The child looked at the calendar on the wall, swinging, as if by some invisible breeze. There could not have been a breeze, though. All of the room’s windows and doors were closed, and the air smelled musty and stale, like laundry left too long in the washer.
Still, the calendar flapped like the wing of some great white bird. Three MasterClasses, she thought. I’ve managed to learn from three masters this year.
It was Neil Gaiman, though, the most recent of her teachers, who imparted the sage wisdom that struck the child so deeply—Give people what they want, he advised. But do it in a way they do not expect.
This is just some of the fantastic advice in Neil Gaiman’s MasterClass, and the reason, I’m sure, that I wrote and then erased five different openings for this review before deciding I needed to do something different—something more worthy of what I got out of the class. You have to know your genre and its conventions, Gaiman says, before you can play with them. And then play.
But don’t worry! I’m done playing and am here to tell you everything you need to know about the class and to help you decide the answer to the question you undoubtedly came here for: Is it worth it?
There was some Twitter controversy when the class was first released, as Gaiman retweeted some requests for money to take the course. Some felt this was self-serving. A world-famous author asking other people to help give him more money? How dare he! Why didn’t he just pay for them all himself?
I’ll ask folks who felt this way—do artists not deserve to be paid for their art? Should they stop making money for their creative efforts once they’ve reached a certain status? As Gaiman replied to those who criticized him, he has plenty of free advice for authors available online. He’s not withholding his wisdom for the wealthy. This class is a piece of his creative work, he deserves the royalties from it, and if part of promoting that work is helping people connect to access it, I see no problem.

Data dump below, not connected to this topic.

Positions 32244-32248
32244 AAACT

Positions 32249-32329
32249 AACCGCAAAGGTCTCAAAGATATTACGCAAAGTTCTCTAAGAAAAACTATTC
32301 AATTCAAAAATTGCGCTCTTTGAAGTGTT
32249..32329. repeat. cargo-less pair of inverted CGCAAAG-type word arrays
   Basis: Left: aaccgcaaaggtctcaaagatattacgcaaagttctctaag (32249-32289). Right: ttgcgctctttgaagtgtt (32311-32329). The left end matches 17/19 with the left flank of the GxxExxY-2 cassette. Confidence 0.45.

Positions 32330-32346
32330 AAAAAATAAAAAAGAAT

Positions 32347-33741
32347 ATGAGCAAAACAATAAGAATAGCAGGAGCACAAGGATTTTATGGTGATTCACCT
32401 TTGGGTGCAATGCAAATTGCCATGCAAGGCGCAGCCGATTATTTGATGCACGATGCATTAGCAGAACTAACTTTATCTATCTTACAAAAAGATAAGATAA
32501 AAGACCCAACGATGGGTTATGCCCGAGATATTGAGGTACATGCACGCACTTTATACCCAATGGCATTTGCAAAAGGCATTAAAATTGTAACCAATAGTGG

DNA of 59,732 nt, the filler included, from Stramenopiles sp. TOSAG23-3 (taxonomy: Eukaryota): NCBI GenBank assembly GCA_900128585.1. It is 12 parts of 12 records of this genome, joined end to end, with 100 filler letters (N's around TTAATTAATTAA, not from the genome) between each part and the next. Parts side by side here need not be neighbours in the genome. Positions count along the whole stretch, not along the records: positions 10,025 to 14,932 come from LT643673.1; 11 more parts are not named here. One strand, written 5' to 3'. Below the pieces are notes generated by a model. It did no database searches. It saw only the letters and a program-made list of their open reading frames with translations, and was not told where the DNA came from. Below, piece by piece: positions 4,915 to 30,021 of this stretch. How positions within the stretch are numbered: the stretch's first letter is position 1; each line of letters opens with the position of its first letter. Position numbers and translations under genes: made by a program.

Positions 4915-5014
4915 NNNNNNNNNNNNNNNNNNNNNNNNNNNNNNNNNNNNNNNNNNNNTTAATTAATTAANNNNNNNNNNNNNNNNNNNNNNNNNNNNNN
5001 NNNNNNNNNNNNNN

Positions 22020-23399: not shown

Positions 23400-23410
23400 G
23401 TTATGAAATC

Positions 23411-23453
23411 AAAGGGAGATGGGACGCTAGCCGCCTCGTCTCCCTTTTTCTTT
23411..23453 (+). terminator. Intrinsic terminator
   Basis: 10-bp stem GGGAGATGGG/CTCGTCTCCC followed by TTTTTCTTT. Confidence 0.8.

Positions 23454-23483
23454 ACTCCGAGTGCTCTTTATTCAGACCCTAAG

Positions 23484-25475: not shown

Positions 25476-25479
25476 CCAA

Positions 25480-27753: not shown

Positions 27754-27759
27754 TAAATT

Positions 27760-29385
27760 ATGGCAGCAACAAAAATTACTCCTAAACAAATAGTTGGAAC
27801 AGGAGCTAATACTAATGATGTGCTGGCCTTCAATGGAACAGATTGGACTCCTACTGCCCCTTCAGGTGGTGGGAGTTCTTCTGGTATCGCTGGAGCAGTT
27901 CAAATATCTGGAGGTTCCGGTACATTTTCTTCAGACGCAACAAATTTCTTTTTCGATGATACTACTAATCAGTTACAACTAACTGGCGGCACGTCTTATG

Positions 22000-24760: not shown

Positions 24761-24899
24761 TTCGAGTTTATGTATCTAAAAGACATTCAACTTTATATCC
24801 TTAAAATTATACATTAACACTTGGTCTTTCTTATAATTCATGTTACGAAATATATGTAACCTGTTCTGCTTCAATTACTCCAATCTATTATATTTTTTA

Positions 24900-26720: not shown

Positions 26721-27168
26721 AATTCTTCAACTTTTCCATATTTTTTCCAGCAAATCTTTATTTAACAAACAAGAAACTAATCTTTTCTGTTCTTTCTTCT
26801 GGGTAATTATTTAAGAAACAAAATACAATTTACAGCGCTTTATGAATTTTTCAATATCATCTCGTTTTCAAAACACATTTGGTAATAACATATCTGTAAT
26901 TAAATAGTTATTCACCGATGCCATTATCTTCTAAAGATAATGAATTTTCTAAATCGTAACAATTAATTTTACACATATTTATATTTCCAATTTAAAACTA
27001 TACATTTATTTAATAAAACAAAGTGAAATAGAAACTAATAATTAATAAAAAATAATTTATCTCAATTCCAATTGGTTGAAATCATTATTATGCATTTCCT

Another of the critiques which arose was of the value of the class itself, and here is where you may find my experience of the class valuable.
Like other MasterClasses, the course consists of several videos (nineteen, to be exact), covering topics including “Sources of Inspiration,” “Descriptions,” and “Dealing with Writer’s Block.” I found all of the videos interesting, even the one on comics, which, though I read, I have not tried to write.
Gaiman is fascinating just to listen to—his voice is low and conspiratorial and watching him really did feel a bit like sitting at the feet of a very encouraging master. He also speaks verrrrrry slooooowly. Luckily, MasterClass gives you the option of increasing video speed, and I found 1.25x to be perfect.
Some of the lessons are particularly inspiring. “Truth in fiction” inspires you to dig deeper into the hard emotions that create good writing. The lesson on worldbuilding teaches you to anchor your fictional world in real details and to let characters discover the world’s rules by bumping up against them or using them to their advantage, a take on the classic “show don’t tell” rule that made a lot of sense to me.